The Road Taken

I received this book from Blogging for Books for this review.

In the future, power shifts and revolutionary thinking and actions are prevalent across the globe. Two women’s stories in India and Africa depict journeys sparked by a traumatic experience. Monica Byrne’s The Girl in the Road alternates between Meena and Mariama’s perspectives of their ventures across the Indian and African countries. Meena leaves India to cross an energy-harvesting bridge (a.k.a the Trail) toward Africa to escape an attack she suffered at home and a desire to avenge her parents’ murder. Mariama travels east across Africa with practical strangers after her mother told her to run from her enslaved life. Meena and Mariama are both entranced by another woman during their lives and both have a lengthy conversation with those women in their heads. With a couple decades separating Meena and Mariama’s lives, their stories eventually converge in a revealing manner.

The way that Meena and Mariama’s stories are woven together and culminate in their convergence is achieved rather well through the subtle sprinkling of clues throughout the chapters. An example of which is how particular events, situations, and words are mirrored from one woman’s story to the other in subsequent chapters. One thing that I quite liked about this book is the world presented being one that is rarely presented: a futuristic envisioning of India and Africa. This setting allows for a representation of characters who are not overly commonly seen in literature and, thus, we have some DIVERSITY. Something that I repeatedly got hung up on was my confusion over which woman’s narrative I was reading since there were time jumps and a lack of direct dialogue with quotation marks to help orient me. It was easy to conflate the two women due to various time jumps within a chapter of the narrative and the multitude of names that each character responds to.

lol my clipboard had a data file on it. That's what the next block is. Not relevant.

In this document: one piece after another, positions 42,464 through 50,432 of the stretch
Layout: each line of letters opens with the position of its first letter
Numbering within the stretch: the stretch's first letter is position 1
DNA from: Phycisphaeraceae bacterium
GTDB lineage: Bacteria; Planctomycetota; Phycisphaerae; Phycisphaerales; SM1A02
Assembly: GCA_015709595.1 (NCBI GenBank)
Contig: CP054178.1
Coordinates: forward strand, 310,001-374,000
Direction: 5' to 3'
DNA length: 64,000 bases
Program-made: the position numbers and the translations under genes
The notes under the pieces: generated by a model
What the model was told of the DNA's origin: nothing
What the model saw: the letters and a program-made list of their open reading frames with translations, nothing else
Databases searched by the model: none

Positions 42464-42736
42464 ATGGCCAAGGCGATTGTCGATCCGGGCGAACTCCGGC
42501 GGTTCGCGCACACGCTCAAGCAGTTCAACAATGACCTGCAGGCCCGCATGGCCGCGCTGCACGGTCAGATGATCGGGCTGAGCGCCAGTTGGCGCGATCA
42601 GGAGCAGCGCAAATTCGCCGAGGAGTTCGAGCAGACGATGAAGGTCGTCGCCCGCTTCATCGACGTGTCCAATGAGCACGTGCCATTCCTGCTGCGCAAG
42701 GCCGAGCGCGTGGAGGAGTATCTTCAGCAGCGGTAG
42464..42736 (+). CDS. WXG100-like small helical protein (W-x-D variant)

Overall, I’d give it a 4 out of 5 stars.


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